Sometimes you run across a statistic that is so compelling that you feel like running through your neighborhood, grabbing people by the shoulders, and screaming, “Look at this!” The post about special education services and screening for learning-related vision problems is a perfect example.
We’re referring to the following paragraph, which appeared in this blog post by our good friend Dr. Rochelle Mozlin at the College of Optometrists in Vision Development (COVD):
“In June 2011, we featured a story about educators in New Jersey who routinely screen for learning-related vision problems. Their district had one of the lowest rates of student classification for special education services in their county,” states Dr. Kara Heying, President of the College of Optometrists in Vision Development (COVD). “In addition, parents shared that optometric vision therapy was one of the interventions that makes a big difference in their children’s ability to read and learn.”
Is there a correlation between screening for learning-related vision problems and a low rate of special education services? After reading the preceding paragraph, the answer seems rather apparent.
It’s also apparent when you deal with functional vision problems on a daily basis. At The Vision Therapy Center, we constantly see children (and adults) who struggle with reading and other academic areas because of a functional vision problem. Once that issue is corrected, their learning-related struggles lessen or end altogether.
Some of our patients come to us after being incorrectly diagnosed with a learning disability, dyslexia, or ADHD. In that district in New Jersey, a simple screening for learning-related vision problems seems to have eliminated many of those mistakes.
So why isn’t the educational system shouting these findings from the highest mountain tops? Why aren’t each of our Presidential candidates pushing this forward as their #1 priority for educational reform?
As Dr. Mozlin points out in her post, “Only two years after The Nation’s Report Card showed that only 38% of students could read at or above the level of ‘proficient’, our nation’s children continue to struggle with reading -- at epidemic levels.”
Could fixing our school’s vision screenings be the cure-all for all of our problems?
No, but it could definitely make a significant impact. So let’s take a look at why the current vision screenings in school aren’t up to snuff.
Screening for Acuity, Not for Functional Vision Problems
We’ve touched on this issue in numerous blog posts, such as “Do Kids Need a ‘Drunk Reading’ Test for School?” The core issue is that most vision screenings in schools account for acuity, or the eyes’ ability to see an object clearly. This involves our old friend, the Snellen eye chart.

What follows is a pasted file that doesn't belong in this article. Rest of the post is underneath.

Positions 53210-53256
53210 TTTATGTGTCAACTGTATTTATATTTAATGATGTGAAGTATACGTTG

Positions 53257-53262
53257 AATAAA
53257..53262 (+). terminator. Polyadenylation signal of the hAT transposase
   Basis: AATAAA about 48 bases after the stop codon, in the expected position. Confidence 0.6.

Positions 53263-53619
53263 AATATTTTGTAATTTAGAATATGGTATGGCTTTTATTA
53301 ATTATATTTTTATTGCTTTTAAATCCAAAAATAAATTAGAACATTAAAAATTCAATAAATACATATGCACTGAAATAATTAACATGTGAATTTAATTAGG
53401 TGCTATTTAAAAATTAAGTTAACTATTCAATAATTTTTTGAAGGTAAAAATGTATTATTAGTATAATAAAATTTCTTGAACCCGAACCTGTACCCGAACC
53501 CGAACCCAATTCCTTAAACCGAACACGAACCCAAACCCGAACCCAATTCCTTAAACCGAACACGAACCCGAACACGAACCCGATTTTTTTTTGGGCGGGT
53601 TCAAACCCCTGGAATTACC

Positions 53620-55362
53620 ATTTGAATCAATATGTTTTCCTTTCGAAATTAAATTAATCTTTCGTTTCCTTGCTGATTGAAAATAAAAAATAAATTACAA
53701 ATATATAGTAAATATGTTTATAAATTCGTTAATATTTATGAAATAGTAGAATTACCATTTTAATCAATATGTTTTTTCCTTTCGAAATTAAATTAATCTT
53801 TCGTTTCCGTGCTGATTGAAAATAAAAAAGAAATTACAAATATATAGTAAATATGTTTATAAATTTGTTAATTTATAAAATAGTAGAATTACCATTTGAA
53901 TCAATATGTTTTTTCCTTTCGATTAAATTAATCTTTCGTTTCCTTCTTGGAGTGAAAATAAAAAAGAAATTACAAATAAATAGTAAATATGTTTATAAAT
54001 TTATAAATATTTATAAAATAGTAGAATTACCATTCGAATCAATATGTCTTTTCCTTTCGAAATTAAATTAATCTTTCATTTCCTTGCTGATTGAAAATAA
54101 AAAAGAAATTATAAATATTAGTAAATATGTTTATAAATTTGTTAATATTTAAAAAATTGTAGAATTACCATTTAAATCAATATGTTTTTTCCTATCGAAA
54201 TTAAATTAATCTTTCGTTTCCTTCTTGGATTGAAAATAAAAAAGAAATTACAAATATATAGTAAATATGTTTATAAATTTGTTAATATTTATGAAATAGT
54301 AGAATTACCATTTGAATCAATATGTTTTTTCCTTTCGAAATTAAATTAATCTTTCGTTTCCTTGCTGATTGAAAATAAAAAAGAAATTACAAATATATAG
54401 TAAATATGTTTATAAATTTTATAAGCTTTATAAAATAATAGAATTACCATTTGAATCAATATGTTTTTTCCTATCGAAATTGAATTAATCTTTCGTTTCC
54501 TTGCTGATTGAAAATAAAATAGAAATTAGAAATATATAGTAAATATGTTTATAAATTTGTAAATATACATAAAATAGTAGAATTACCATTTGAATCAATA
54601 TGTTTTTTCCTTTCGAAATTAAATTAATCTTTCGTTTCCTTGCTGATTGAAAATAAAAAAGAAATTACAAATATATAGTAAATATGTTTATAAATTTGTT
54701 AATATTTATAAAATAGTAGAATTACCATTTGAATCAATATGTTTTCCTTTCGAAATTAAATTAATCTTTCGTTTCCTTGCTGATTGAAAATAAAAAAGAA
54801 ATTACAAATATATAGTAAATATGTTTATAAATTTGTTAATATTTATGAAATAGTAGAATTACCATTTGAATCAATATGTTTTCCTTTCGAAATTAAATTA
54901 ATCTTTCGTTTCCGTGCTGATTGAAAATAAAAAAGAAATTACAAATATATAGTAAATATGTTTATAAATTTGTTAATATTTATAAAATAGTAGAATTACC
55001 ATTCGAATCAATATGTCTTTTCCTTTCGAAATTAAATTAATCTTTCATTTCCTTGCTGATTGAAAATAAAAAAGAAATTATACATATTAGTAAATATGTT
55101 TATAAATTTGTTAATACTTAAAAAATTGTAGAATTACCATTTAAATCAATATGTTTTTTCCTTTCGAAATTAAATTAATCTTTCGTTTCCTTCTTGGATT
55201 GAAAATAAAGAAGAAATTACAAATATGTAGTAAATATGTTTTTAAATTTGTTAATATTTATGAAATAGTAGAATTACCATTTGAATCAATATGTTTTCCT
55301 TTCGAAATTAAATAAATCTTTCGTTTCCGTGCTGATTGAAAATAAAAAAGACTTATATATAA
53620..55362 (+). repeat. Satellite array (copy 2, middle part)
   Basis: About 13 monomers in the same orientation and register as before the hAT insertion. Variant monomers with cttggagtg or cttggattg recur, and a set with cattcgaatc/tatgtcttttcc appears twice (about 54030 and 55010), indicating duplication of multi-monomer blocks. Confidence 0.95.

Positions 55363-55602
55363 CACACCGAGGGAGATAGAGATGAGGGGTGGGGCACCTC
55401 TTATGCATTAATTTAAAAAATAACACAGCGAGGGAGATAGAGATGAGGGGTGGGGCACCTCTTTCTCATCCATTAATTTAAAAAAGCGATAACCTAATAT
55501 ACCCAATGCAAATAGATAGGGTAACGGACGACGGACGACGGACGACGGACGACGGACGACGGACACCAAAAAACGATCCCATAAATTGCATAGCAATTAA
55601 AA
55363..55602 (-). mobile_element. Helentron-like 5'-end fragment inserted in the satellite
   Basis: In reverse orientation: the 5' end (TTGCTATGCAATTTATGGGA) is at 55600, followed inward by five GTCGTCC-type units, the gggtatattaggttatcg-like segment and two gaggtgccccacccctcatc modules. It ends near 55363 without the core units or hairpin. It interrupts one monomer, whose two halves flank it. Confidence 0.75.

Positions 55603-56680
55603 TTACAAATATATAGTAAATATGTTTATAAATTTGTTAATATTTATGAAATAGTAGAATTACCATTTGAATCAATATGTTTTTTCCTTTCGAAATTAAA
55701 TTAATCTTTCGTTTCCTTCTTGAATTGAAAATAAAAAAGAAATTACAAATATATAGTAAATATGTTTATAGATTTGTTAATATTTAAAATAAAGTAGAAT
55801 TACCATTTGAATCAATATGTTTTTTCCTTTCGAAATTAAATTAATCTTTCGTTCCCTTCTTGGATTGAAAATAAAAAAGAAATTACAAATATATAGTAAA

But acuity is just one component of vision. A screening should also test depth perception, eye tracking, processing, and a host of other visual skills that make up a person’s functional vision.
Functional vision, which is your visual system’s ability to see an object in space, is a topic we’ve blogged about often. It’s surprisingly foreign to many parents, educators and even medical practitioners.
Here’s one example of how functional vision works. A young boy is reading a book. His acuity is good, and he can see the letters clearly on the page. But when he has to follow a line of text across a page, he struggles. He may lose his place, words may appear to jump across the page, or he may experience two images - double-vision.
The problem is his eyes may not be working in tandem. If his eyes can’t effectively focus at the same point on a page, and have images in each eye that can be combined into a single, solid 3D image by the brain, then his functional vision is impaired.
He loses his place. Words jump or appear doubled up. He struggles.
Naturally, because he’s passed the school’s vision screenings, the immediate reaction is to diagnosis him with a learning disability. Or ADHD. Or dyslexia.
Don’t get us wrong -- all of those issues could be involved. In fact, we have patients who may have one or more of the conditions and a functional vision problem. These conditions can exist with or without a vision problem.
But checking for a functional vision problem first could prevent a misdiagnosis from the individuals who don’t suffer from any of those issues. And that starts with an effective screening for functional vision problems.
Our functional vision exam is quite extensive and comprehensive, but this level of testing doesn’t need to be administered to everyone. Simply using tools like our Vision Quiz, teachers, parents and medical practitioners, can help determine if someone needs a functional vision exam. If the exam reveals a functional vision issue, vision therapy can help correct those vision problems.
While those children in New Jersey might not have received vision therapy, at least many of them were not steered in the wrong direction with an incorrect diagnosis.
“Optometric research has shown that more than 10 million children struggle with reading and learning because of eye coordination and eye focusing disorders,” Dr. Mozlin notes.
With this many children struggling, we can make a difference by working to modify our screening processes. It could lead to resolving these functional vision problems through vision therapy.